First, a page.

Every human being has the right to a peaceful life and to freedom. Unfortunately, these two rights are becoming something extremely difficult to obtain for Rohingya people in Myanmar. After session 17 of the SEA Talks where the history and background of the Rohingya crisis was discussed, CESASS UGM organised a new discussion on the issue through the SEA Talks 18 : “Rohingya: International Human Rights Law Perspective” .
Eko Riyadi, M.H. from the Center for Human Rights Studies of Islam University of Indonesia (UII), and Muhadi Sugiono, M.A and researcher for CESASS UGM, were invited to join the SEA Talks discussion as speakers. The cooperation between the Center for Human Rights Studies of UII and CESASS UGM represents a positive sign of active participation from the two institutions that both focus their work on academic studies regarding Human Rights in Southeast Asia.
During the discussion, two main problems have been identified as the causes of the persistence of the Rohingya crisis: security issue and citizenship issue. In addition to a complex historical ethnic background, the 1982 Constitution of Myanmar does not recognise the Rohingya ethnicity and do not recognise them as citizens, creating an unsafe and unstable situation in the country.
While analyzing the humanitarian aspect of the crisis, Professor Eko Riyadi stated : “The Rohingya have become one of the ethnicities that have suffered the most in the world because they have been denied access to services such as education, healthcare and other public facilities. This proves that Human Rights violations have been occurring since long time in this military junta country.” The lack of official documents about the population of Myanmar as a legal proof of the real status of the population in the country, produces uncertainty in the future of Rohingya community. A further factor that worsen the conditions of Rohingya is the position taken by Myanmar government that keeps identifying the whole Rohingya community as being involved in separatist movements.
On the other hand, any efforts to involve organisations or to make use of Commitees of Treaty Based Mechanisms have been ineffective in responding to the Rohingya crisis. Several countries and humanitarian organizations have already tried to help the Rohingya community, however no one ever succeeded in making a step forward and prosecute Myanmar government. The reason is that Myanmar government does not recognize or has not ratified yet any of the International Treaties that provide for Treaty Based Bodies and Mechanisms, therefore, it is not possible to investigate Human Rights violations in the country. As a Consequence, it became extremely difficult for the international community to hold Myanmar accountable for its violations of international law.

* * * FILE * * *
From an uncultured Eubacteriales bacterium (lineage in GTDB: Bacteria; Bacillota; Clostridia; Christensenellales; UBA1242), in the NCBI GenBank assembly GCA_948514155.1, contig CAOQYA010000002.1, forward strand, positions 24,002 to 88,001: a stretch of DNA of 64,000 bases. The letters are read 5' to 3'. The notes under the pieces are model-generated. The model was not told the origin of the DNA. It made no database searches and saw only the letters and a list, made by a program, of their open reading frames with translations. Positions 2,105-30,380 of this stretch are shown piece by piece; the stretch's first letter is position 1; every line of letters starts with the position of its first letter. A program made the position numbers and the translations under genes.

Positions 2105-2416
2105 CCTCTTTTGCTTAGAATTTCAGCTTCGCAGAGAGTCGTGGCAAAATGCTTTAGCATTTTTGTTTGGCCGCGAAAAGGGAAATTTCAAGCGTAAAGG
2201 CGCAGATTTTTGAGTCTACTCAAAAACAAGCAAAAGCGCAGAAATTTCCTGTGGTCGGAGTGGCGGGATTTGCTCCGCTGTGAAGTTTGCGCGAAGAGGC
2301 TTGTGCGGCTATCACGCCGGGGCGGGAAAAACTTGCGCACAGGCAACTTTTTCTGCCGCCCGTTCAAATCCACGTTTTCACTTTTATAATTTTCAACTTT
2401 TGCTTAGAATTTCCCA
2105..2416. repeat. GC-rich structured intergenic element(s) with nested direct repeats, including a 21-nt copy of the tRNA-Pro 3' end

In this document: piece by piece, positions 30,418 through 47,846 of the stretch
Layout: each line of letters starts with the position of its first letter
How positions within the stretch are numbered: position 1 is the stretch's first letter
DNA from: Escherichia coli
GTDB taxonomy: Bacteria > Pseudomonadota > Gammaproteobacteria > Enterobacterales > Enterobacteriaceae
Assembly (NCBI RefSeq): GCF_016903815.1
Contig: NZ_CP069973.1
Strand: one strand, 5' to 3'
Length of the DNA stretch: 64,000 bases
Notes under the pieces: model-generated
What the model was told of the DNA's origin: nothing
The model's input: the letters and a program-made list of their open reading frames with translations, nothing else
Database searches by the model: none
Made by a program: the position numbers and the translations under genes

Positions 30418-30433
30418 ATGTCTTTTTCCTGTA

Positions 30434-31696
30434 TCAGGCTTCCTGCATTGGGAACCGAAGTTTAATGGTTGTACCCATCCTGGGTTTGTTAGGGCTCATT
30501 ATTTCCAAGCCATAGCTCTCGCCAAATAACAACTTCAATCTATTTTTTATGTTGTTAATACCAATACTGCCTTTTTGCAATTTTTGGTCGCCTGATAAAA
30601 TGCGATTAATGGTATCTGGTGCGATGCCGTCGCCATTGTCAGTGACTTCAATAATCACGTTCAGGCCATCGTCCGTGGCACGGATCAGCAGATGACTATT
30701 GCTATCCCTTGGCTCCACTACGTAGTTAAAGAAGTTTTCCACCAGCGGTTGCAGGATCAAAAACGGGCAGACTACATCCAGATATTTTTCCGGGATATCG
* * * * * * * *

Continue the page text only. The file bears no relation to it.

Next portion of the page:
Alternative solutions offered by International Human Rights Law
The UN through the General Assembly and the Security Council (Charter Based Mechanism) can take actions against Myanmar government based on the fact that Myanmar has already ratified the memorandum of understanding.
The UN Human Rights Council has the alternative solution to end the Rohingya crisis. The first possible and most diplomatic solution would be to invite Myanmar government to revise the 1982 constitution in order to officially recognize the Rohingya ethnicity and grant them legal status of citizens. It is extremely important to strive to achieve this solution since the reasons brought by Myanmar government to avoid recognizing Rohingya people as Myanmar’s citizens cannot be considered as acceptable or relevant.
Another possible solution would be to rely on the International Criminal Court that can prosecute cases of genocide (including ethnic cleansing), war crimes and crimes against humanity. Since the International Criminal Court in The Hague, Netherlands is based on the Rome Statute that entered into force in 2002, the Court can only take actions against violations that have occurred after 2002. Moreover, the country that will be investigated needs to have ratified beforehand the International Criminal Law Integrity Pact.
Muhadi added that helping the refugee will not end the crisis permanently since the root causes of the crisis derive from the policies of Myanmar government. On the other hand, it is now the time for ASEAN to take action against this case of crime against humanity by denouncing Myanmar at least making use of sanctions. (Gharin/Ilaria)